How to Reduce the Risk of Secondary Trauma

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Avoiding or dealing with secondary traumatic stress requires action by both individual professionals and organizations as a whole:

Engage in self care. Counterbalance hearing victims’ stories, seeing troubling photos and retelling difficult details in court with self care activities such as exercise, spiritual activities, meditation or mindfulness approaches. Learn more at traumastewardship.com or compassionfatigue.ca.

Pay attention to caseloads. Managers should ensure caseload numbers are appropriate and the type of work is varied. There’s no research that definitively says how many cases are too many, said Dr. Sprang. The right number is specific to the setting, the types of cases, and other responsibilities the staff person has. For example, giving child welfare caseworkers a mix of abuse and neglect cases, or rotating workers between investigation and case management responsibilities. A manager may also allow a juvenile justice worker whose recent cases have involved serious felony offenses to participate in training or other work enrichment opportunities. A good supervisor can manage these issues for the benefit of their workers, said Dr. Sprang.

Be aware of past trauma. Workers with their own trauma histories need to pay attention to their mental health and make sure they are receiving psychotherapy (if needed) and are using their own coping mechanisms. Staff who are affected by their own past trauma need different case assignments, reflective supervision, or mental health treatment to resolve past trauma.

Develop agency-wide policies and practices to limit direct exposure to trauma. Agency managers should implement practices so workers can go into potentially difficult situations in pairs or with police escorts and provide immediate support when someone has been directly exposed to violence. This may include not only an opportunity to discuss the experience with a peer or supervisor, but use of a brief formal screening tool. Some agencies have staff self-administer and score measures such as the ProQOL (proqol.org) and offer general guidance on using the results.

Use evidence-based practices. In a study of mental health professionals, those who reported that they use evidence-based practices — as opposed to treatment methods that haven’t been proven scientifically — reported lower levels of secondary traumatic stress, said Dr. Sprang. This may be linked to greater feelings of effectiveness and competence. For information on evidence based practices, visit nrepp.samhsa.gov/.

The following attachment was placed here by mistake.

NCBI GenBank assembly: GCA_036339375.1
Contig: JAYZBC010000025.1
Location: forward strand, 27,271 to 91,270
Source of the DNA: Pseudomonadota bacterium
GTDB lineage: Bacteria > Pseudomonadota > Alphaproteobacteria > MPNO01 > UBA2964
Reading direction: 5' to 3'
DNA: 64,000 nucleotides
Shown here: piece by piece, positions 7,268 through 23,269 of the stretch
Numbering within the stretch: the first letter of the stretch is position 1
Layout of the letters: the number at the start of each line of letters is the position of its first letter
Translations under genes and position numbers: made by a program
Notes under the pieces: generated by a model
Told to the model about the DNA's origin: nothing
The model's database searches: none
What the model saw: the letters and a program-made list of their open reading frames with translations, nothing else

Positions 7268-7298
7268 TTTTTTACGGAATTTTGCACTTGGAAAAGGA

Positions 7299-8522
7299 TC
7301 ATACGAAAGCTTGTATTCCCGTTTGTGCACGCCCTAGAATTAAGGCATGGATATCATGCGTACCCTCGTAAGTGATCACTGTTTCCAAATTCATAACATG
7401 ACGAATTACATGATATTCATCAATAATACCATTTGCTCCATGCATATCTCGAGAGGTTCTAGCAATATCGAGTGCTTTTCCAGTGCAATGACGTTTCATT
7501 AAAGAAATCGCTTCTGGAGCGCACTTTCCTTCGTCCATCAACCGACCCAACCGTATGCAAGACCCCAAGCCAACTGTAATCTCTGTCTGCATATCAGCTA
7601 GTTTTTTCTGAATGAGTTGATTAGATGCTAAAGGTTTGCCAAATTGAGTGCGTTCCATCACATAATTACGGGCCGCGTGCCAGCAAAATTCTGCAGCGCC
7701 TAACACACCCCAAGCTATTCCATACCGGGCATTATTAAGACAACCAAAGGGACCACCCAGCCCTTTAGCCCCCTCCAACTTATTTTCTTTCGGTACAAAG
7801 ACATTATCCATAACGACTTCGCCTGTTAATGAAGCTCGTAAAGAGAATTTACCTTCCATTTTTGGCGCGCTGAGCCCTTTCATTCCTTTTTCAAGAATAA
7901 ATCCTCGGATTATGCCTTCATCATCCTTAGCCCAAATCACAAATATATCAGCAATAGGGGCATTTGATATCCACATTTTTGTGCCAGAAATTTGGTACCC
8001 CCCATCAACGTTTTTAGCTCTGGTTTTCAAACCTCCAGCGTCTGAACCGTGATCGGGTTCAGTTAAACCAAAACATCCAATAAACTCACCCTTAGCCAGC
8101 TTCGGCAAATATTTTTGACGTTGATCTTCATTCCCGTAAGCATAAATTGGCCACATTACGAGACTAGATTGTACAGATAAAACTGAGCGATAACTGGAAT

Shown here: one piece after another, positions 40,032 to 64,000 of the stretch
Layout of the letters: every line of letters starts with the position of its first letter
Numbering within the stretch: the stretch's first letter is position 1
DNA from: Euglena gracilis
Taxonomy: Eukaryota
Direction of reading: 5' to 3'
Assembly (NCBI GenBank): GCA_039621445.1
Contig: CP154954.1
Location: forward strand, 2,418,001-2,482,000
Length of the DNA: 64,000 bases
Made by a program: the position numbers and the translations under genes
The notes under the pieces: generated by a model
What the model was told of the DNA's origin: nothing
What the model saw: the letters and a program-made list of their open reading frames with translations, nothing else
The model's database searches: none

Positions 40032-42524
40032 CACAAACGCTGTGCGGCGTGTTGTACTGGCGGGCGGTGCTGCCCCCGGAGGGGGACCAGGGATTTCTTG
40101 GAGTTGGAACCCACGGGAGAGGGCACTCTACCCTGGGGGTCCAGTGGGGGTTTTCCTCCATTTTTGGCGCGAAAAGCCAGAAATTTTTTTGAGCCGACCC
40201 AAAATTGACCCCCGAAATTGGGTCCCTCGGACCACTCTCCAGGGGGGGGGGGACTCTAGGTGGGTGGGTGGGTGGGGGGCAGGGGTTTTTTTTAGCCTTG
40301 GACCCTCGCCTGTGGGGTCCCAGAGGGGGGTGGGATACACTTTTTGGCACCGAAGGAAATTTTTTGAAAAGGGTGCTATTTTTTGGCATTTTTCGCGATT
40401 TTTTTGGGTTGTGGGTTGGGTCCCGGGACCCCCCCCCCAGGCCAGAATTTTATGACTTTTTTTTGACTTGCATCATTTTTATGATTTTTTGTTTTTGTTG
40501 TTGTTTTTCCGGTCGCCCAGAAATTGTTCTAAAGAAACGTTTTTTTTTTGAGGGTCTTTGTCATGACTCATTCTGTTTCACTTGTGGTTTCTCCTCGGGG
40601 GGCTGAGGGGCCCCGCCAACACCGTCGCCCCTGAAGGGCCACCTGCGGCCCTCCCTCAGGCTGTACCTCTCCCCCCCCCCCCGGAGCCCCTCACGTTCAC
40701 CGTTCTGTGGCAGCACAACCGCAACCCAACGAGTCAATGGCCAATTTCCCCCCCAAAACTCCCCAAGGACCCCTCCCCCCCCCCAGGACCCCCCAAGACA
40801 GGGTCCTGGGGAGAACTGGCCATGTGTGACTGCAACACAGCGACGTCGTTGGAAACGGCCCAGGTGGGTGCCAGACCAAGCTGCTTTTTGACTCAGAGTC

Other youth-serving organizations should be aware of secondary stress too. Even in organizations that don’t primarily serve highly traumatized young people, managers should be aware that certain staff members may suffer from secondary trauma (e.g., the person who runs a support group for young people who have lost a family member to violence). These staff members also need additional training and support to combat secondary traumatic stress.

Designate a resource champion. Dr. Leslie Ross, vice president of the Leadership Center at the Children’s Institute, Inc. in Los Angeles, suggests that organizations should have a designated staff member to serve as the point person for bringing in resources on secondary traumatic stress. She also suggests forming workgroups comprised of staff and managers so that both groups are invested in the issue.

Engage in “low impact debriefing,” a concept developed by Dr. Françoise Mathieu. Ross also recommends that staff engage in low impact debriefing, which she described as advocates sharing traumatic experiences in as little detail as possible. This lets speakers benefit from discussing events, but allows listeners to limit their exposure. For example, the speaker might say that a client witnessed a suicide and it was very difficult for him, but would not give the details of how the suicide was committed. Low impact debriefing also requires initiators to recognize their own distress, to give listeners fair warning that difficult experiences will be discussed, and to receive consent from listeners to share those experiences.

Make sure staff know to ask for help. Less experienced workers should be reminded that they need to pay more attention to their levels of exposure and to talk to supervisors about how those experiences are affecting them, suggested Dr. Sprang. Whenever possible, offer “reflective supervision.” (To learn more, visit http://bit.ly/15FPyTY).  Both managers and workers have a role to play in addressing secondary traumatic stress.